Orange County Theatre Reviews

(photo courtesy: Bear C.A. Sanchez)

OCR:  Why did you choose a cemetery to put on the play Romeo and Juliet?

BEAR: Actually, the location choose me. The Fairhaven Memorial Cemetery  asked me to do Romeo and Juliet with a modern twist. So, they actually commissioned me because I’ve done a couple of shows for them in the past.

BEAR: We have to depict suicide and murder. And even though at first thought someone would think performing something like that in a cemetery in front of a mausoleum would be very macabre…  However, this [Romeo and Juliet] being a lesson learned about love and society’s acceptance of one another’s differences, I believe it’s a perfect location to talk about love and acceptance and grief and a family mourning for love ones and feeling guilty for the fact that their [loved ones are] dead.  At some point when we [all] go to a cemetery to see loved ones, we feel guilt.  There is a lot of guilt in Romeo and Juliet.

Robert Amador – Romeo A’drianna Abbate – Juliet

OCR: What are your thoughts on the relationship between Romeo and Juliet?

BEAR: Romeo and Juliet don’t suffer love and loss; they suffer confusion. That’s why they take their own lives. It was their own confusion –based on what they were raised to hate and confused feelings of love and lust they felt as young teenagers.

 

Cast and crew.

 

OCR: How did you decide on the music?

BEAR: We as a cast (we all work together) collaborated on the song choices.  Every one had a part and choice on what their character would sing.   I have the final say, but everyone had an idea, and we went with about eighty percent of what the cast wanted. These songs are all popular contemporary songs that stretch from Elvis to Ke$ha.

BEAR: We choose each specific song because the lyrics perfectly carry the character’s emotion.  Poetry, the entire show is a long three-hour poem.  So, when you start adding music to it and people are singing and its melodic [it just works well together].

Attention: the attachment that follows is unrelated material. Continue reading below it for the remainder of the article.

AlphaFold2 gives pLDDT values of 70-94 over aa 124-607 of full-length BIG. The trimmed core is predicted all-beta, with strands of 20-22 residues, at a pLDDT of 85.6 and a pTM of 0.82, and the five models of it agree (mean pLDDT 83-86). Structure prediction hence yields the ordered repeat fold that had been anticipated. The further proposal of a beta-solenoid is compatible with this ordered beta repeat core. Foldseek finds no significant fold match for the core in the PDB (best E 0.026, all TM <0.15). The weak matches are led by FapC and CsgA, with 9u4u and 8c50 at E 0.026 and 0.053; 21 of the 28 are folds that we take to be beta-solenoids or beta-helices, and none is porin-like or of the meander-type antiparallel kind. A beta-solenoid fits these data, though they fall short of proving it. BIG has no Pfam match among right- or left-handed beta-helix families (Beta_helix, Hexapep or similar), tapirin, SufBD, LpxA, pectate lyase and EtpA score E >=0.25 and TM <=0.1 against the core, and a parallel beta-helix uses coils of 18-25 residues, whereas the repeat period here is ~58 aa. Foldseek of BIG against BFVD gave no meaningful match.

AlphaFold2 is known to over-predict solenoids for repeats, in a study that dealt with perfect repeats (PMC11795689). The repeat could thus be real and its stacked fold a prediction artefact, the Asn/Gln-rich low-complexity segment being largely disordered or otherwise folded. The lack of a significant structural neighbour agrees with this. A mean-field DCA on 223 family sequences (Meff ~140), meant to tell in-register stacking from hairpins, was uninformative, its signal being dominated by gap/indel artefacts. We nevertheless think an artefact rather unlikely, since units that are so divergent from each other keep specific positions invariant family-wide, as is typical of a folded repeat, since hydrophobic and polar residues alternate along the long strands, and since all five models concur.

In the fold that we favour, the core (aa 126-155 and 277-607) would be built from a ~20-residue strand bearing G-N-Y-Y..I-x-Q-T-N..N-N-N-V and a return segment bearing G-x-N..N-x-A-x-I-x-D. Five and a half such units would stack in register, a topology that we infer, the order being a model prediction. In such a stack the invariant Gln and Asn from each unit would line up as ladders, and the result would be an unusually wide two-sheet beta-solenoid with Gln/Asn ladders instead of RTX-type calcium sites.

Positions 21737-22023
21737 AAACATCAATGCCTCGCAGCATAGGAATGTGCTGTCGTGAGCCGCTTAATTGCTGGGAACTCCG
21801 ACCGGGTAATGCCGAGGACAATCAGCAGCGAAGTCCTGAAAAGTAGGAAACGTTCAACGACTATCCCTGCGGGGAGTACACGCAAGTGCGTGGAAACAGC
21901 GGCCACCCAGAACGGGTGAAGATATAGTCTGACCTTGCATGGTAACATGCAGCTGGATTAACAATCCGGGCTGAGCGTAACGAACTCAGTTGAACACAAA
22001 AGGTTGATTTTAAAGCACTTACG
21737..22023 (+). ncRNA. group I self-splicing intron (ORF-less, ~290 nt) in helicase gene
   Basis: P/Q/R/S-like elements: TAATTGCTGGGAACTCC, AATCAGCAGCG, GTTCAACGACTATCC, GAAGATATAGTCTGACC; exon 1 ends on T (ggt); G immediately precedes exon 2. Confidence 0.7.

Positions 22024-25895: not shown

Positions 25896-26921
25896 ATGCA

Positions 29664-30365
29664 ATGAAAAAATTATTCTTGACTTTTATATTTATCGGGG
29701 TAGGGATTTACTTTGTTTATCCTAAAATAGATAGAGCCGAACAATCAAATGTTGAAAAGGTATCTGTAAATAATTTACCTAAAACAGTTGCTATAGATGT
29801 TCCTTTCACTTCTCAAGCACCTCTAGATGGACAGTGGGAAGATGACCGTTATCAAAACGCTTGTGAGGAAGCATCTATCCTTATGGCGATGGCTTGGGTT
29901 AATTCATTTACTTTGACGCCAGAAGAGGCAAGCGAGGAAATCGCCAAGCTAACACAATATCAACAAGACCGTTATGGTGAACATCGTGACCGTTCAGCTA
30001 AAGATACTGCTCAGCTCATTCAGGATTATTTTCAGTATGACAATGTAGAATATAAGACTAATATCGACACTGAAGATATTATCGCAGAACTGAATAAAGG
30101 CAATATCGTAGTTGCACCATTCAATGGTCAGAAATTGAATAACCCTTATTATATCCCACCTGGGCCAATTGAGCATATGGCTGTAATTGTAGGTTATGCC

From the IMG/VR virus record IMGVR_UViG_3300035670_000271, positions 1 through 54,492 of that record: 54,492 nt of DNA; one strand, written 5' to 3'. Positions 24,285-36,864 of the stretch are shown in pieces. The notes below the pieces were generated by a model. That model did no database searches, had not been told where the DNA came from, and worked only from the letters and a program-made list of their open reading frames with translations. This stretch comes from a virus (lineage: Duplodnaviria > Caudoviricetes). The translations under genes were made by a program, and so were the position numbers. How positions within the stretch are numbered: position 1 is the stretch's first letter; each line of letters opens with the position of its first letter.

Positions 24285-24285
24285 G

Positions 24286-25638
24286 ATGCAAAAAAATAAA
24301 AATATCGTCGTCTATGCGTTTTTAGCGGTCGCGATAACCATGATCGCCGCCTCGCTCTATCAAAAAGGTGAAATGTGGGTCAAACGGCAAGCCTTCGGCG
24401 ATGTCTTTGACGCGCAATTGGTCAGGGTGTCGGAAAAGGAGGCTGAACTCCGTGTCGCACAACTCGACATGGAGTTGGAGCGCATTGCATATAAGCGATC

OCR:  What kind of instruments are played?

BEAR: Everything’s acoustic and unplugged, so we have our friar who stands in the center of the show. He acts as our musical narrator, and our Friar (Jim Astle) plays his acoustic guitar.

 

OCR:  Is this your first time directing?

BEAR: This is my first time directing Shakespeare. I’ve been a director for about eight years, and I’ve done many shows. But this is the first time directing something so iconic like Shakespeare, and here I am tearing the text apart, merging characters. I’ve cut some characters. I’ve thrown this into the blender and have made it my own vision. I think people are going to find that they can relate to these characters a lot more.

 

OCR: When does this show take place?

BEAR: It takes place now.  It takes place here, and the songs are current. However, the language stays original to Shakespeare.

 

OCR: How did you get access to a cemetery for a play!

BEAR:  Lisa Cohen was an OCSA parent and had a contact with the cemetery, and three years ago we needed a location to do a show called Spoon River. The show takes place in a cemetery, so she’s like, “Hey Bear, why don’t we try and do it at Fair Haven Memorial?” So, she contacts Cynthia Adair from Fair Haven, and they continued to do shows at the location: Spoon River, The Twilight Zone and now Shakespeare.  

 

Romeo & Juliet plays August 26 and the 27 at Fairhaven Memorial Cemetery 4pm at the Mausoleum. Text 562-616-2986 for more info or find the show on Goldstar

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